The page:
The second lesson is that historical and geographical location is fundamental. The meaning of art is always site‑specific. Contemporary information about slum landlords that could be viewed in municipal records, subject to criminal court proceedings, reported and analysed in newspapers, could not be presented in an elite art museum, and the penalty for attempting to do so was banishment for decades if not life. A patch of weeds and a sign on a vacant block in Berlin is not the same as the Reichstag building. That is the significance of Shapolsky and Goldman and DER BEVÖLKERUNG that dwarfs all other interpretations, and the works cannot be understood without very specific reference to the historical and geographical location of that process of rejection or contestation. Shapolsky was finally purchased by the Whitney in 2007, three and a half decades after the events that defined its significance and when its importance could be relegated to the historical. The Bundestag spent more time debating DER BEVÖLKERUNG than it did approving the despatch of German troops to Kosovo, the first foreign deployment of the German Army since World War II, and the final vote was line ball.
What would be the revelatory locations for data visualisation about links between alcohol consumption, health and violence? The advertisement breaks in a sports broadcast? Etched into the grass of a football field? Any attempt to use those locations would quickly reveal the interests and relationships involved in the political economy of alcohol consumption, just as it did in Australia when cigarette advertising was progressively banned from sporting venues.
The third and perhaps most profound lesson is that art, as data visualisation, has to be understood as practice—practice on the part of the artist and practice on the part of the diverse audiences. Reducing art to an object, visual or otherwise, is a severe and crippling limitation on the interpretation and understanding of the work. Haacke’s entire oeuvre from the early 1960s onwards, initially focused on physical systems and then extended to social ones, is concerned with the links between material evidence and abstract relationships and values. Those links can only be understood as practices and through practice, as the French philosopher of everyday life, Henri Lefebvre, articulated. The meaning is never intrinsic to the object, no matter how informative or beguiling it might appear. Haacke’s genius lies in his capacity to understand the relationship between object, location and social relations, and to distil that relationship into a work that induces practices in response to an object that will reveal the social relations invested in its meaning.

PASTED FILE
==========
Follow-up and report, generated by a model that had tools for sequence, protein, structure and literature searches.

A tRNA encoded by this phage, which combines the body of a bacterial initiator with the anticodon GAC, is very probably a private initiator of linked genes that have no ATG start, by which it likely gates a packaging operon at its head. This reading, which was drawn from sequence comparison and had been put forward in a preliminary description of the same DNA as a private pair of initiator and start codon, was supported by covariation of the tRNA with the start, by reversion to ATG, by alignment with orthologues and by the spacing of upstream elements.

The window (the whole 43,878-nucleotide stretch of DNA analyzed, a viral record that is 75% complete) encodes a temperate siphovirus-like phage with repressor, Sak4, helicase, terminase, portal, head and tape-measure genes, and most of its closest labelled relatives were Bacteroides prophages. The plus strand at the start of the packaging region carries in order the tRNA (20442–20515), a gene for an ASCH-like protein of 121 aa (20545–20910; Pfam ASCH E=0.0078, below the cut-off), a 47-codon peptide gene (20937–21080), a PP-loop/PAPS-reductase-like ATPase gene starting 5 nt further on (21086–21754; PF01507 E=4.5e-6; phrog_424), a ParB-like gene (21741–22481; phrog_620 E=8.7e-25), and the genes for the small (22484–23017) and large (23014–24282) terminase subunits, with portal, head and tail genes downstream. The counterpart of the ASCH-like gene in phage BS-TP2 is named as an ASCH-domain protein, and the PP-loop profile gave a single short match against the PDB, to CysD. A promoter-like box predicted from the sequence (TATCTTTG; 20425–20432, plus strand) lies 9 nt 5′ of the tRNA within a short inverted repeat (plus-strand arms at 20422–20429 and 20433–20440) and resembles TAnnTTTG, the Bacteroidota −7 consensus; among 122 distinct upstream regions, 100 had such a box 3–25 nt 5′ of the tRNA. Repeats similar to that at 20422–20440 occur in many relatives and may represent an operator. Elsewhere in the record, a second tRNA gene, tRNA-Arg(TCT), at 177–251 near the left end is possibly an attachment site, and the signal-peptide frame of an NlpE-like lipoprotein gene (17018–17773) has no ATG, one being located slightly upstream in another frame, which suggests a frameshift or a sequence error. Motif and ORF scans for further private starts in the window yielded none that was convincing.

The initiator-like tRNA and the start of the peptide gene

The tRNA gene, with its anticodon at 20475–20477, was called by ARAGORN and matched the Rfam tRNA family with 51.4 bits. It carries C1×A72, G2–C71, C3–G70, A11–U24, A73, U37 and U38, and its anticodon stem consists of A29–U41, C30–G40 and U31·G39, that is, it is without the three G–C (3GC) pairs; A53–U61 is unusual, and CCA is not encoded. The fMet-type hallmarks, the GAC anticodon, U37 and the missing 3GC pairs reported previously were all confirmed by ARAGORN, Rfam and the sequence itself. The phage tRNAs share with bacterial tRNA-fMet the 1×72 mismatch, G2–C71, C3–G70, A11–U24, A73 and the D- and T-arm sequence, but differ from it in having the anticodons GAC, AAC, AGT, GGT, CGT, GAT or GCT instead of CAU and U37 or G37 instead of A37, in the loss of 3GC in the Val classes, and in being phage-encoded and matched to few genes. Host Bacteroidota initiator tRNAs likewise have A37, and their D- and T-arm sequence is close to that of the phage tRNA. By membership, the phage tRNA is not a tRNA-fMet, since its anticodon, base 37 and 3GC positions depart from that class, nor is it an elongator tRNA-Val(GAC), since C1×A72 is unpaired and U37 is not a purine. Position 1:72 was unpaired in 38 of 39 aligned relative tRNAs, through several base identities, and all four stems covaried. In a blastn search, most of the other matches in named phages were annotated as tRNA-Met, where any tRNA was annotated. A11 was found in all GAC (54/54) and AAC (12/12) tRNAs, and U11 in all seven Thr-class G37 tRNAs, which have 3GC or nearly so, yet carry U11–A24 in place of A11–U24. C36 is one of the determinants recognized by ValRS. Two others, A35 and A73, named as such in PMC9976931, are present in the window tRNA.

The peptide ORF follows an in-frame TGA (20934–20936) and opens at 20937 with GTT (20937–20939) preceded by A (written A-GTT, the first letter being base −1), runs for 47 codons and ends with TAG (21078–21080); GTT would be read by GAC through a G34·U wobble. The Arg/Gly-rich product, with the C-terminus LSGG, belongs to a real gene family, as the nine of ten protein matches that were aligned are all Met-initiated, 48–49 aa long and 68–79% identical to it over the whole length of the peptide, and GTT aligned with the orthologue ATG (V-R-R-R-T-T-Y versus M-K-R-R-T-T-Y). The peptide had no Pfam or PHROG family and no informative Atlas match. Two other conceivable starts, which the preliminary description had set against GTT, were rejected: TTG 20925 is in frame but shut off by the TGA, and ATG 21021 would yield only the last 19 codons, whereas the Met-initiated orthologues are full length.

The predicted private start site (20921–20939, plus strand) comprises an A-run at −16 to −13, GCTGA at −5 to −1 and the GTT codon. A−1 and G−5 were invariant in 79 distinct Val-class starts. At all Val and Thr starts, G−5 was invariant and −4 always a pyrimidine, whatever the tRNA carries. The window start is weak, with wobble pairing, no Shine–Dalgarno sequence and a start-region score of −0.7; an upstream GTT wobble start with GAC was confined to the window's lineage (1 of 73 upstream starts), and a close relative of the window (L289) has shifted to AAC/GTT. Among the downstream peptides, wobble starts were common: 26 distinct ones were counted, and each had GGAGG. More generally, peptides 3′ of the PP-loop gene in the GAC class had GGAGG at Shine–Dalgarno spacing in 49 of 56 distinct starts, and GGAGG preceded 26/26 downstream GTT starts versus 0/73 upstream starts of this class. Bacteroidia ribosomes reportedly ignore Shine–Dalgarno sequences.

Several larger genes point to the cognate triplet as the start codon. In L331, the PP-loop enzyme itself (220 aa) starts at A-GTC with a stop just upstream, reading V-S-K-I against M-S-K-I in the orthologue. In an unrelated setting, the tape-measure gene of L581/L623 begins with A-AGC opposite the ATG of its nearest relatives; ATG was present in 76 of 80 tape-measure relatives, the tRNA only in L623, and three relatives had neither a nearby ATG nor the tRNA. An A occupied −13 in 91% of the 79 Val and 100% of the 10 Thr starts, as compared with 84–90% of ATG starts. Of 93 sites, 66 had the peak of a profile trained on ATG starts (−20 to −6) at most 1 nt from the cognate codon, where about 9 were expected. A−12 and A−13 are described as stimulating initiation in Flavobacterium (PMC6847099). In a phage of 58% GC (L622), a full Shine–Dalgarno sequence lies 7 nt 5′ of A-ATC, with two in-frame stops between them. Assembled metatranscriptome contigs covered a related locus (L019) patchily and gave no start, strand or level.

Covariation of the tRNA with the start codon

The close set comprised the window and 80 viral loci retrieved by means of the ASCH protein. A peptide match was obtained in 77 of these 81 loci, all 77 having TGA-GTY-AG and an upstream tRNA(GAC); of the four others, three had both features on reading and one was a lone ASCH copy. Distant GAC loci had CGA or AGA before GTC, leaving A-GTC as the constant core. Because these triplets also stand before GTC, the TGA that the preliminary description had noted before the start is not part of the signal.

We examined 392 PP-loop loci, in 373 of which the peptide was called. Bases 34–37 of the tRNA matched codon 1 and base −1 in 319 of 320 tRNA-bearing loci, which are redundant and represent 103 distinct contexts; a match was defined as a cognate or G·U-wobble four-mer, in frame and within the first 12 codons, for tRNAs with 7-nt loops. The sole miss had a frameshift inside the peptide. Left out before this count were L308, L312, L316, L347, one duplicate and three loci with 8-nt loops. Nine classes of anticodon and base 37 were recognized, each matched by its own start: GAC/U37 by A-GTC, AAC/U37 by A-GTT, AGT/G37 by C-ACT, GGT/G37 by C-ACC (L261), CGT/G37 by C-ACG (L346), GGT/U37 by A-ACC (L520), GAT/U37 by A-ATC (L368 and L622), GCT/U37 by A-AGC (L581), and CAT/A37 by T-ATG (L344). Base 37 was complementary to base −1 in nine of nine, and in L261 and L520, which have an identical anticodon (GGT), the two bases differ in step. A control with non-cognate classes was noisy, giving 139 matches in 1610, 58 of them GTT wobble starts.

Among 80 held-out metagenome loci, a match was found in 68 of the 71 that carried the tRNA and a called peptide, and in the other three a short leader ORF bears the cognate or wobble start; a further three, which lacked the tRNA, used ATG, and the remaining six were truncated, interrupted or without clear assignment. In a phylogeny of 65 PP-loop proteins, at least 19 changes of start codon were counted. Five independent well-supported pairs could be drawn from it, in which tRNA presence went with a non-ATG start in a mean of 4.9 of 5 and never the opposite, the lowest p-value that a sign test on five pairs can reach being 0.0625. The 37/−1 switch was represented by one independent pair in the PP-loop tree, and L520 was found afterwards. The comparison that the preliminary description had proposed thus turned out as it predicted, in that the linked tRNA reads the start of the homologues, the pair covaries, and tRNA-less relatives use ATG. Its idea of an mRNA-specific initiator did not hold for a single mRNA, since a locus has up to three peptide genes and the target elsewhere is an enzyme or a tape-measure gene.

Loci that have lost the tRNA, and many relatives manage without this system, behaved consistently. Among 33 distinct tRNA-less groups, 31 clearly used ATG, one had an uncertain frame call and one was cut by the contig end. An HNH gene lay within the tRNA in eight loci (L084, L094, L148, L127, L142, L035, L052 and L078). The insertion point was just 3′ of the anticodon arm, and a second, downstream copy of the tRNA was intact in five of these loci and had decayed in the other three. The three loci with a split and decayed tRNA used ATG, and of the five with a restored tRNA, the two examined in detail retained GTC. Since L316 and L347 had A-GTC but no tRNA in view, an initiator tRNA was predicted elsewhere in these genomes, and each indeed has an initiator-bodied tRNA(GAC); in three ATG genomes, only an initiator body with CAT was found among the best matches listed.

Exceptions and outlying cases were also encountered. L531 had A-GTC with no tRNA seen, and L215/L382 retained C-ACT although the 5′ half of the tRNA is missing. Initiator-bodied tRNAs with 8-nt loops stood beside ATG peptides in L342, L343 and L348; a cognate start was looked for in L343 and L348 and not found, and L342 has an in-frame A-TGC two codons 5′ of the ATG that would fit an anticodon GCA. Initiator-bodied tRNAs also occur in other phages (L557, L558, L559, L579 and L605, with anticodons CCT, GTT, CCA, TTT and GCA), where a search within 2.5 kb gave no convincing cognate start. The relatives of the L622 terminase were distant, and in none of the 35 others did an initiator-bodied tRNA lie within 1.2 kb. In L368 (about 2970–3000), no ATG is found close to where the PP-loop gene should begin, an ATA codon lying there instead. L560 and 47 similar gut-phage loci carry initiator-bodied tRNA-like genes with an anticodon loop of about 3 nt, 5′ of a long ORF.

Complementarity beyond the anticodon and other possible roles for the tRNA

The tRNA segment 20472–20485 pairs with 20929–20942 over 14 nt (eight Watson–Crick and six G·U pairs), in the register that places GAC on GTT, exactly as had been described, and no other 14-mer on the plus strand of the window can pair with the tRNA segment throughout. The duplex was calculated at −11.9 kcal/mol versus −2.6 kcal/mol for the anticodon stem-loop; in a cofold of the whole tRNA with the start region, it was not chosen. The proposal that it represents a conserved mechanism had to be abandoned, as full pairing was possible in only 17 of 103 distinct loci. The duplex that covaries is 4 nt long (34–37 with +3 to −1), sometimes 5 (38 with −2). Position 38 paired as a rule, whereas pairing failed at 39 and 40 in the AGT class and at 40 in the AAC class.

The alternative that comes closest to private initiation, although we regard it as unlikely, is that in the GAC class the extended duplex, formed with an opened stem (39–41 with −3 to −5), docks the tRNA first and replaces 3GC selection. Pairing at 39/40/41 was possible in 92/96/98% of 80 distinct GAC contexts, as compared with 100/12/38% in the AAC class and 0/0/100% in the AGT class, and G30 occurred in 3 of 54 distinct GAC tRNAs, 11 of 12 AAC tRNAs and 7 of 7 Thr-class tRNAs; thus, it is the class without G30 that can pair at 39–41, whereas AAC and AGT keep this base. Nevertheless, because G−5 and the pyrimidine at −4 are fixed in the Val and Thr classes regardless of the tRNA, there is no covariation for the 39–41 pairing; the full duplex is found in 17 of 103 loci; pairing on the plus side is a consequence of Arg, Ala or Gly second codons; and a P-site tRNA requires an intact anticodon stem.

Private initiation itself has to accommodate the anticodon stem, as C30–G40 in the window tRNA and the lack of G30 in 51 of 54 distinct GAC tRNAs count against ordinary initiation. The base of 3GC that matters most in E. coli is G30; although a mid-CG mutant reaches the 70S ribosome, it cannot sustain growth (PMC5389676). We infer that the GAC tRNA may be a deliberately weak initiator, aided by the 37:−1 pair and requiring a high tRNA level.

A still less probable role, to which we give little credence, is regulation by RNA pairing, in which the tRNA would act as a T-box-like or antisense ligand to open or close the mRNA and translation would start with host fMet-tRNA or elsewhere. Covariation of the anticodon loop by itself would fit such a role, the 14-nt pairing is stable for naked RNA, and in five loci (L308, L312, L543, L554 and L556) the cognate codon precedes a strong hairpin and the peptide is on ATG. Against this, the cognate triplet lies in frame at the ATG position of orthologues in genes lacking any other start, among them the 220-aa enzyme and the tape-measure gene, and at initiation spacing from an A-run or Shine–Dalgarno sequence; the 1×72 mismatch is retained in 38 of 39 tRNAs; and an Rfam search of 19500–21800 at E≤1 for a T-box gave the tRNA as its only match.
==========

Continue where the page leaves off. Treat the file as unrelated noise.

Haacke’s modus operandi is not unique. Every journalist or courtroom lawyer searching for the killer question that will reveal the truth understands the practices of revelation and meaning production. So does every gallery owner and curator considering the politics of a particular exhibition. Thomas Messer at the Guggenheim and the members of the Bundestag understood the questions that Haacke was posing, and while they responded differently (by the narrowest of margins in Berlin), in both cases their processes of rejection or acceptance revealed the social relations that underpinned their institutions. It was only through their practice that this could happen.
The final lesson, harking back to Schillinger, Lippard and Chandler and the disintegration or dematerialisation of art, is the rigorous materialism in Haacke’s art. The responses of the Guggenheim and Bundestag were to material objects and concepts, and their responses took the form of material practice. These were not just ideas being thrown about for the sake of it. The art objects were going to be accepted into the two venues, or not. The strict accuracy of the information in the real estate pieces was essential (the NYPD approached Haacke to get his research on the Goldman piece, because they suspected it was a Mafia money‑laundering exercise). Conversely, the random nature of the plants that would sprout and survive in the Bundestag was essential to the integrity of the work, and any human intervention would have destroyed it.
Haacke is certainly proposing the disintegration of art as a commodity to be traded and privately owned, but that in no way diminishes the materiality of the work or the idea of truth. Rather, as Fry said, his materialism offers a new freedom by deploying “a logic and truthfulness of such clarity that it reaches the level of an almost transcendental moral force.”
Chris Nash is Professor of Journalism at Monash University. His book What is Journalism? The Art and Politics of a Rupture was published in 2016.